Narco-terrorism – the financing of terrorism by profits from illegal drug trafficking – is expanding exponentially. Even as nations like the United States and Australia have stepped up the fight against illicit drugs, criminals have used the internet to open new distribution channels and circumvent state controls. These take time to close down.
In July last year, the BBC reported that illegal drug listings online had more than doubled in a 12-month period, despite efforts to close down operations like Silk Road.
These networks are interconnected, and they make big money.
Forbes magazine has estimated that Da’esh ISIL has an annual income of $2 billion.
Hamas has annual revenue around a half of that – at about $1 billion
Hezbollah: $500 million annually.
International drug cartels collectively make billions annually. These businesses – and they are run like businesses - thrive where sovereignty is weak.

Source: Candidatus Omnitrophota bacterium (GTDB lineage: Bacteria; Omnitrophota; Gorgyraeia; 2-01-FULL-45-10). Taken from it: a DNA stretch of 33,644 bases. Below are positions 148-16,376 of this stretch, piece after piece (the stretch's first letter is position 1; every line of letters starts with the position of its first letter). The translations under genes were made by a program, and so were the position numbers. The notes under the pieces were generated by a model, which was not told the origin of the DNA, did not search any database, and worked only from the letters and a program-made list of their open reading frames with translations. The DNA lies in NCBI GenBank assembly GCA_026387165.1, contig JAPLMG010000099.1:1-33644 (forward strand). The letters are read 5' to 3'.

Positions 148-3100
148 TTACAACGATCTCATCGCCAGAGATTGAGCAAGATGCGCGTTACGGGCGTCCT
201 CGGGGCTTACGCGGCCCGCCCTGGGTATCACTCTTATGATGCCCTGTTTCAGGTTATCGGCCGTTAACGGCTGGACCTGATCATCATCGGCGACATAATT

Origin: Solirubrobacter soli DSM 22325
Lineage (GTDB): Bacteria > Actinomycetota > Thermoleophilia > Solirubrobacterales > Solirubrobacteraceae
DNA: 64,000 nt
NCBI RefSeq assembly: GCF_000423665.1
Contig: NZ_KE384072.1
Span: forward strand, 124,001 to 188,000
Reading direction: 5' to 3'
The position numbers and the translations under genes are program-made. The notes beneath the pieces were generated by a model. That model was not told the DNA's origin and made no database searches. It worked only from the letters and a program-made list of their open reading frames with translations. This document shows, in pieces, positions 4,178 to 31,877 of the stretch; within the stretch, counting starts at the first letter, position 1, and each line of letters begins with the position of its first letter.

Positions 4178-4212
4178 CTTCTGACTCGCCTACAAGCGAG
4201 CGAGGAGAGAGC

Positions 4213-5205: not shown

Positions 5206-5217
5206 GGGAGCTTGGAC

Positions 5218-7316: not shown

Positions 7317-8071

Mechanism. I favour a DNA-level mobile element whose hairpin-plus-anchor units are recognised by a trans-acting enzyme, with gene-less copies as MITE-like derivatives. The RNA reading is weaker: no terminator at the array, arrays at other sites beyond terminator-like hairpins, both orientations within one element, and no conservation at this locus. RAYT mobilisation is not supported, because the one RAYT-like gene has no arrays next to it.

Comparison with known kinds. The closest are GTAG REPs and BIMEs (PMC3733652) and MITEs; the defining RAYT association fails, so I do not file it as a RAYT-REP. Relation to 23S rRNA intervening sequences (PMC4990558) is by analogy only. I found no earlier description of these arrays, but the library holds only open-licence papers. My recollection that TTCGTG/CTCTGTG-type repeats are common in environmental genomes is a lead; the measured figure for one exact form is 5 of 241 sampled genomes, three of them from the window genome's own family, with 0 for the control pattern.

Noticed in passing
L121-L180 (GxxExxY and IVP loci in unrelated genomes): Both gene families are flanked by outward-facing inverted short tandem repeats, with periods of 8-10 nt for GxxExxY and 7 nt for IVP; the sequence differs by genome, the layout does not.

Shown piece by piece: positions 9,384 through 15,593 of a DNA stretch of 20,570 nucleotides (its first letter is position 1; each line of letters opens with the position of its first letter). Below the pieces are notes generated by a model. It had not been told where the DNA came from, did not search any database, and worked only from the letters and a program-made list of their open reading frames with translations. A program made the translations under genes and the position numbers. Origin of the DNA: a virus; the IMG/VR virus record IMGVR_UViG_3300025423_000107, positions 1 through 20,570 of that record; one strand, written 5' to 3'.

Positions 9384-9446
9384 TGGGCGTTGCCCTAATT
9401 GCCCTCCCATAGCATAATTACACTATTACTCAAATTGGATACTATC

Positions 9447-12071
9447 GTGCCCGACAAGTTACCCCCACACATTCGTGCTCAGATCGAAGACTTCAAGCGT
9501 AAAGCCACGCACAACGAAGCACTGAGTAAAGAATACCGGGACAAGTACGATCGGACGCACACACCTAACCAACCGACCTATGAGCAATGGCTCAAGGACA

The money they make flows around the world, corrupting and undermining states, as it is reinvested in further illegal activities.
In the last year, for example, it was reported that Mexico’s Knights Templar cartel had diversified well beyond drug trafficking, deriving major income streams from illegal logging, mining and extortion.
Australia is part of a multinational campaign to stop drug trafficking and narco-terrorism. In April, last year HMAS Darwin – a Royal Australian Navy guided missile frigate – seized 1032 kilograms of heroin off the coast of Somalia. This is one of the largest amounts of heroin ever seized on the high seas.
Then there is the realm of cyber.
We’ve long been anticipating the disruptive potential of cyber-crime and cyber-theft.
But recently for the first time we’ve seen a rogue nation state launch a major attack of unprecedented destructiveness, against a major private corporation.
Presumably North Korea wanted to coerce its target. Ultimately it failed - the film ‘The Interview’ was shown, and garnered unexpected box office success, but only after significant damage was inflicted on Sony Corporation.
The United States response was swift and crucial in demonstrating that such cyber-attacks against any public or private institution cannot be tolerated.